Those graves that have been declared as national heritage sites are those of the founding president of the SA Native National Congress, the forerunner of the ANC, John Dube, former ANC leaders Pixley ka Seme, Sefako Makgatho, Josiah Gumede, Alfred Xuma, Albert Luthuli, Oliver Tambo, PAC founder Robert Subukwe and leader of the black consciousness movement, Steve Biko.
Ndima said the graves of Luthuli and Dube were in good condition, while the Sobukwe grave had been refurbished.
However, he said the site where Luthuli died was in a poor condition and the granite needed restoration, while Gumede's grave in Pietermaritzburg also required restoration.
In Cape Town, Sahra will declare as a heritage site the Rocklands Seven monument where the UDF was launched in 1983, as well as the Gugulethu Seven monument in Gugulethu, with the latter to form part of a museum in collaboration with Fawu Gugulethu Development Committee.
The Soweto house of Lillian Ngoyi, an anti-apartheid activist and the first woman elected to the ANC's executive committee, will also be declared as a heritage site after evaluation.
Other sites which will be declared as heritage sites include the site of the 1913 revolt by women in the Free State and the 1957 anti-pass revolt by women in Zeerust.
While the sites of the Frontier Wars in the Eastern Cape will be developed as part of a liberation heritage route, Ngquza Hill - the site of the 1960 Ngquza Hill massacre where 11 Pondo tribesmen were killed by police - and the Holy Cross Church where Tambo went to school (both near Flagstaff) will be declared as heritage sites next year.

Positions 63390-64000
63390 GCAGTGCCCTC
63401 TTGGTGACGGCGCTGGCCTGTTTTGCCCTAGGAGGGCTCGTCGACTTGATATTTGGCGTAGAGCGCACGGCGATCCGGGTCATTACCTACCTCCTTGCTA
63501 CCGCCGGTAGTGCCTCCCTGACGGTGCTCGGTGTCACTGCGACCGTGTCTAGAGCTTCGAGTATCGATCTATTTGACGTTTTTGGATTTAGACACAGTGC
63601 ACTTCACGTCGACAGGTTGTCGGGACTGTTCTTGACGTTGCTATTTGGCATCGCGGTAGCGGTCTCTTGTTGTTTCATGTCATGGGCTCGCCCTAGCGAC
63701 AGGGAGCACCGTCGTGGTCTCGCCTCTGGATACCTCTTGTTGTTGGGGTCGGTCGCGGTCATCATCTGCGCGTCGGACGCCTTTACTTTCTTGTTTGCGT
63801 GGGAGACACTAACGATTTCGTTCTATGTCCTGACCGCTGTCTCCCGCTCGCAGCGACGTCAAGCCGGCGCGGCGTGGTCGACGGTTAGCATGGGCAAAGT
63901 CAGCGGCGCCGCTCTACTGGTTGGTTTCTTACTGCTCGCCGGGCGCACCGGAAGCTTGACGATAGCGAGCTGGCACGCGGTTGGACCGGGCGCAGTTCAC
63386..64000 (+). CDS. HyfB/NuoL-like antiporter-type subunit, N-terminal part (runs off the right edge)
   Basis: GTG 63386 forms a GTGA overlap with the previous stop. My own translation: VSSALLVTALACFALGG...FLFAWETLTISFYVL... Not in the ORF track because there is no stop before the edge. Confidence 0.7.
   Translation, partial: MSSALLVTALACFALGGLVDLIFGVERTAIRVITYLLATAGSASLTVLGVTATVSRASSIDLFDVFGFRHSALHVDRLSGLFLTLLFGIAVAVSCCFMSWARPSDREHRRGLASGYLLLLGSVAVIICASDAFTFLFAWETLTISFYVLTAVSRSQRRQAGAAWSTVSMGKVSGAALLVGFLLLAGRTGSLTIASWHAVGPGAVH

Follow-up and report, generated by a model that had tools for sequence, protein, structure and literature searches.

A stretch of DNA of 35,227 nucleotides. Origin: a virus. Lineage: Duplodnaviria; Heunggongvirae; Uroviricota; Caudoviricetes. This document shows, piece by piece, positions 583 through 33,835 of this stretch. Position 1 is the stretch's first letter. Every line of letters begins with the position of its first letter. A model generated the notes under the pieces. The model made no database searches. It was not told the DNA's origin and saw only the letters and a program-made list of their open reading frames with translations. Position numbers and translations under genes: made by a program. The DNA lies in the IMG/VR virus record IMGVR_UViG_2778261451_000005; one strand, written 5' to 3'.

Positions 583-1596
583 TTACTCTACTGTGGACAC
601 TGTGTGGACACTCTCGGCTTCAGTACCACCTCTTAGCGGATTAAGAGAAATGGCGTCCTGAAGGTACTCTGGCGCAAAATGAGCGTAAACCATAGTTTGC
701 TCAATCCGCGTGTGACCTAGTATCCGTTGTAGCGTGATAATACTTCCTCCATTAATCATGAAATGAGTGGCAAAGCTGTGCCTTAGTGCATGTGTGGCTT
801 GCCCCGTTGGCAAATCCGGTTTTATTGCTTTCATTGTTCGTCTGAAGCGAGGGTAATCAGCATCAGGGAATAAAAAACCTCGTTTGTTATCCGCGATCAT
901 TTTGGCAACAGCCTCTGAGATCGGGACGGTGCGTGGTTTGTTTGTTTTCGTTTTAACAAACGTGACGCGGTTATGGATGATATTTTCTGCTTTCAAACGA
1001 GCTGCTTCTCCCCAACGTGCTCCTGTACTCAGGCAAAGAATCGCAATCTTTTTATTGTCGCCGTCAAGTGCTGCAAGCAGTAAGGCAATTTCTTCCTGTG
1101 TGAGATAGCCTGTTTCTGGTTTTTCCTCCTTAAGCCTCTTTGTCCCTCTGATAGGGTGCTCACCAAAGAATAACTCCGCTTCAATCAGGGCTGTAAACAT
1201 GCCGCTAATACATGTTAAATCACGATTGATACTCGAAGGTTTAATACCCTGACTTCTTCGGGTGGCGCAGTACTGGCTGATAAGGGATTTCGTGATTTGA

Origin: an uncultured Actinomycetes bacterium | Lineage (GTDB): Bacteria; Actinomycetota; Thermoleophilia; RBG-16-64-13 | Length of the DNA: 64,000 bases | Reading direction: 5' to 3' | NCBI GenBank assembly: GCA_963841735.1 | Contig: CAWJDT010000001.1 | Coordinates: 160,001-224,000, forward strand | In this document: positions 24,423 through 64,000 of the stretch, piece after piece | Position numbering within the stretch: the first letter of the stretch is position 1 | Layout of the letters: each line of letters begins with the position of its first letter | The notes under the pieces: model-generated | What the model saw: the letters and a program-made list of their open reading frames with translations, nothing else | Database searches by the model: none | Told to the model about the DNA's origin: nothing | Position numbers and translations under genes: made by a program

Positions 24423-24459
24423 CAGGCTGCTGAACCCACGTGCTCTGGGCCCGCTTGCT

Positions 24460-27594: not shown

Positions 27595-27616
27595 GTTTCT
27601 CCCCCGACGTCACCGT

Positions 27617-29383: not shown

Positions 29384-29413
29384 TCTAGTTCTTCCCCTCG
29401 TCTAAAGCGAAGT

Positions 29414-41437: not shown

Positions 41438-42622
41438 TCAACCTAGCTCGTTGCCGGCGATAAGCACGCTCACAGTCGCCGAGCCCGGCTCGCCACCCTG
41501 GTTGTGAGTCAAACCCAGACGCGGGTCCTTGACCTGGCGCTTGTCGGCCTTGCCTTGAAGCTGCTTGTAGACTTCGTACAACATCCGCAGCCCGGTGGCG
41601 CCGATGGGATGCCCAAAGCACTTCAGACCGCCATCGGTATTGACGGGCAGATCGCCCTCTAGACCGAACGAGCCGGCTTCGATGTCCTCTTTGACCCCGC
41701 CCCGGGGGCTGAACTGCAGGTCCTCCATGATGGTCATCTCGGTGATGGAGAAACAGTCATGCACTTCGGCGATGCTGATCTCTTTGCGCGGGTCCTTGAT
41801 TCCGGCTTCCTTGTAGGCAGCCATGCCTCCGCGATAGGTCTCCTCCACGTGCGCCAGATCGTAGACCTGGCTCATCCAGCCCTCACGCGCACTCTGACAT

A service provider has been appointed by the department to develop a heritage centre at Ngquza Hill and construction of the centre is expected to start in October.
Ndima said the department was also busy developing the Dube Legacy Project, following a ceremony in February to mark the restoration of the Dube gravesite and the unveiling of Dube's statue at the launch of the Dube Tradeport at the King Shaka International Airport in March.
A master plan had been developed in co-operation between local, provincial and national government to develop the Dube gravesite - which includes the construction of an interpretative centre and the construction of a Tower of Hope to honour Dube.
The department is also helping to prepare the Union Buildings centenary next year.
In preparations for the centenary celebrations, the Presidential Guest House will be renamed SefakoMakgatho House - after the second president of the ANC - while Kings House in Durban will change to John Langalibalele Dube House and the Diplomatic Guest House to Johnstone Mfanafuthi Makhathini Guest House.
Johnstone Mfanafuthi Makhathini is a former anti-apartheid activist whose work contributed to the formation of the Organisation of African Unity - the forerunner of the AU.
The adverts for announcing the name changes were placed in the newspapers by the Department of Public Works on the weekend of 2 April.